This is the LS Ki-15 “Babs” from the kit issued in the late 1970s. Despite its age, the kit is still quite nice even by today’s standards. I modeled this one in the markings of the 8th Sentai, 1st Chutai which was known as the “Octopus Eight” due to the stylized tail markings. This aircraft was based at Nakhorn Sawan Airfield in Burma. In February 1942 it returned from a reconnaissance sortie over Rangoon with over a hundred bullet holes, having been intercepted by Hurricanes of 28 Squadron RAF. Both the pilot 1LT Takesada Nakatani and the observer 1LT Fujimori Akira were wounded.
This is the Revell Sd. Kfz. 7/1, a really nice kit. I bought this for the excellent Flakfierling, but the kit was so nice I decided to build the whole thing. I drilled out the holes on the lowered side panels, 1,260 in all if I remember correctly. The suspension is simplified. The road wheels are molded in groups – the back two rows are one piece of seven wheels, the next is one piece of four, and three individual wheels are the outer row. This is a good way to do it, easy to assemble, simple alignment, and no detail is lost. The tracks are also outstanding. They are molded in one piece, the instructions call for them to be softened in hot water. They seemed flexible enough so I just wrapped them around the wheels and glued them with Testors liquid glue as I went. No problems. As a bonus the kit comes with three complete tracks. I wish that was a standard practice, spare track links would come in quite handy on many armor kits. While we’re on the subject of wishes, how about a box with just the Flakvierling and the 37mm Flak?
The Vanishing Paperclips: America’s Aerospace Secret, A Personal Account
By Hans H. Amtmann
Hardcover in dustjacket, 128 pages, heavily illustrated, index
Published by Monogram Aviation Publications, May 1988
Dimensions: 9.2 x 0.8 x 12.2 inches
At the end of the Second World War Germany had reached a remarkable degree of scientific and technological advancement. German research was years ahead of the rest of the world in several areas, including aerodynamics, jet propulsion, rocketry, and submarine technology, to name a few. Fortunately, the tides of war turned against the Third Reich before Germany’s scientific achievements could be turned into a strategic battlefield advantage.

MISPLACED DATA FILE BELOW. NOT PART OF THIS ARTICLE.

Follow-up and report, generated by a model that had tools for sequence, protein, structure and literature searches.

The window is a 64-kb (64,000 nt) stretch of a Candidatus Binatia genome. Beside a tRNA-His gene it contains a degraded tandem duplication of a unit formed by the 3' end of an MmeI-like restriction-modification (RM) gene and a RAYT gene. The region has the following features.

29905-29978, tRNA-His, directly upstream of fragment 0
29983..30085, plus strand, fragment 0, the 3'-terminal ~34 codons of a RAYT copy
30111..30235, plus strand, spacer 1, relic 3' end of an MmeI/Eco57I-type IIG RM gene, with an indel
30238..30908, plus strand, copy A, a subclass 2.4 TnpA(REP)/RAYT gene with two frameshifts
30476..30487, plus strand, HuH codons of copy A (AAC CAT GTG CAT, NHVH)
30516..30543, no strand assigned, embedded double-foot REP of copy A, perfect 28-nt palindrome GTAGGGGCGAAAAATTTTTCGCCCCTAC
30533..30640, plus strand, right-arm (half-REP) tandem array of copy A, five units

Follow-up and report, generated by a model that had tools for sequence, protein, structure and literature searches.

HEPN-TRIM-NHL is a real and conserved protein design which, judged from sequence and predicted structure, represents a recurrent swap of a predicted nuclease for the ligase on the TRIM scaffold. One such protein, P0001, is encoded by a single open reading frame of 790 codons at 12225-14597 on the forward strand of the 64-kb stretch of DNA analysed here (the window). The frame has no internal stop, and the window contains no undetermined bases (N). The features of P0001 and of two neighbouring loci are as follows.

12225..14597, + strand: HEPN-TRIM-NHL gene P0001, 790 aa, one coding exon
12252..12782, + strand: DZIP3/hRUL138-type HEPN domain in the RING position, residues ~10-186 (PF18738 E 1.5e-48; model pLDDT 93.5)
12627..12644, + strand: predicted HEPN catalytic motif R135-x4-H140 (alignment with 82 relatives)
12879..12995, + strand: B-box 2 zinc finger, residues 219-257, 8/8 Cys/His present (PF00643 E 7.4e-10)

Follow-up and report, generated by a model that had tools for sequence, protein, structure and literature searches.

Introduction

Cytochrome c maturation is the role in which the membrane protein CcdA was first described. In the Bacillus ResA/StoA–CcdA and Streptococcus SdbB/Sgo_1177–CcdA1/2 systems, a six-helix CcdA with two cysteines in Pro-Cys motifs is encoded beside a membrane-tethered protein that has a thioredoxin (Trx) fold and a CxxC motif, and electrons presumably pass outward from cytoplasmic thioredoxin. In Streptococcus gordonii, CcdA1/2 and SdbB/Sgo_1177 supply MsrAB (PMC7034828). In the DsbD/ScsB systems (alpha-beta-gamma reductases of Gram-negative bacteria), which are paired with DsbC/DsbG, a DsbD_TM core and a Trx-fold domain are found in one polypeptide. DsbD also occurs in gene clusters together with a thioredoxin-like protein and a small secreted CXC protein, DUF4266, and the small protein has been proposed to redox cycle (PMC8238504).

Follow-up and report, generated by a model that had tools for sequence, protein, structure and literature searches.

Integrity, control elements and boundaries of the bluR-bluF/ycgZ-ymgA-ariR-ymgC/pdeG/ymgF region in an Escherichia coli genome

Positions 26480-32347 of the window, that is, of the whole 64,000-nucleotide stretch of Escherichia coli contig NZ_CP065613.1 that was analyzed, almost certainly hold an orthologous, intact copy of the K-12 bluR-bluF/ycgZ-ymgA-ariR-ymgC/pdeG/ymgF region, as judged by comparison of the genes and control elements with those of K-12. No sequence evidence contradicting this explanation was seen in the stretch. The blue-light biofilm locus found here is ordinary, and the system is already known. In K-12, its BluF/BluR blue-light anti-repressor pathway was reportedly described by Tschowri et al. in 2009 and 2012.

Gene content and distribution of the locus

It was obvious to American and British planners that incorporating German technology would give the Allies an advantage in the war against Japan (which was still on-going), as well as an edge over their Soviet counterparts who were emerging as adversaries in the post-war world. Operation Lusty under Colonel Harold E. Wilson was tasked with collecting German aircraft and weapons systems along with associated documentation and research, and transferring them to the United States. A parallel effort, still largely unknown to this day, was Project Overcast under which 350 of Germany’s top rocketry, aviation, and submarine scientists were transferred to continue their work for the U.S. Navy or War Departments. These transfers began immediately after the war and included Werner von Braun and Alexander Lippisch. Project Overcast was superseded by Operation Paperclip. Altogether more than 1,600 German scientists and engineers were taken to America. A similar effort by the Soviets, Operation Osoaviakhim, transferred over 2,200 German scientists and their families to the Soviet Union.
Hans H. Amtmann was a German aeronautical engineer. He worked for Junkers and Heinkel before the war, but spent most of his career as head of preliminary design at Blohm & Voss. There he worked on a number of projects including the asymmetrical Bv 141 reconnaissance aircraft and the huge Bv 222 and Bv 238 six engined flying boats. After Germany’s defeat he worked as a teacher until being recruited under Operation Paperclip and moving to the U.S. in October 1946. His family joined him in 1948, and he became a legal U.S. citizen in 1949. He worked on several projects for the U.S. government at Wright Field, and later worked for Convair on the P6Y flying boat and F2Y Sea Dart projects.
Amtmann’s autobiographical account follows his childhood and career as an aeronautical engineer. Being a Monogram Publication, the book is well illustrated with numerous high-quality photographs of the aircraft Amtmann helped design. His accounts of effects of the Allied bombing campaign on German cities from an essentially civilian perspective are illuminating, as are his descriptions of daily life in the British Occupation Zone immediately after the war. He details the inner workings of the Paperclip operation from recruitment to working in the government labs at Wright Field. During this period the German scientists were under escort and their movements were restricted, later they were offered U.S. citizenship and allowed to continue their work in the aviation industry.
The Vanish Paperclips pulls back the curtain on an interesting chapter of the aftermath of WWII, one which provides several insights into issues we as a society are still dealing with today. The photographs are well chosen and reproduced, and add considerably to the narrative. I would have liked to have seen more detail on the technical aspects of the designs. Amtmann was the preliminary design head and certainly could offer many details of the problems encountered and how they were overcome. A good read from a unique perspective.
Photographs taken at the National Museum of the United States Air Force in Dayton, Ohio.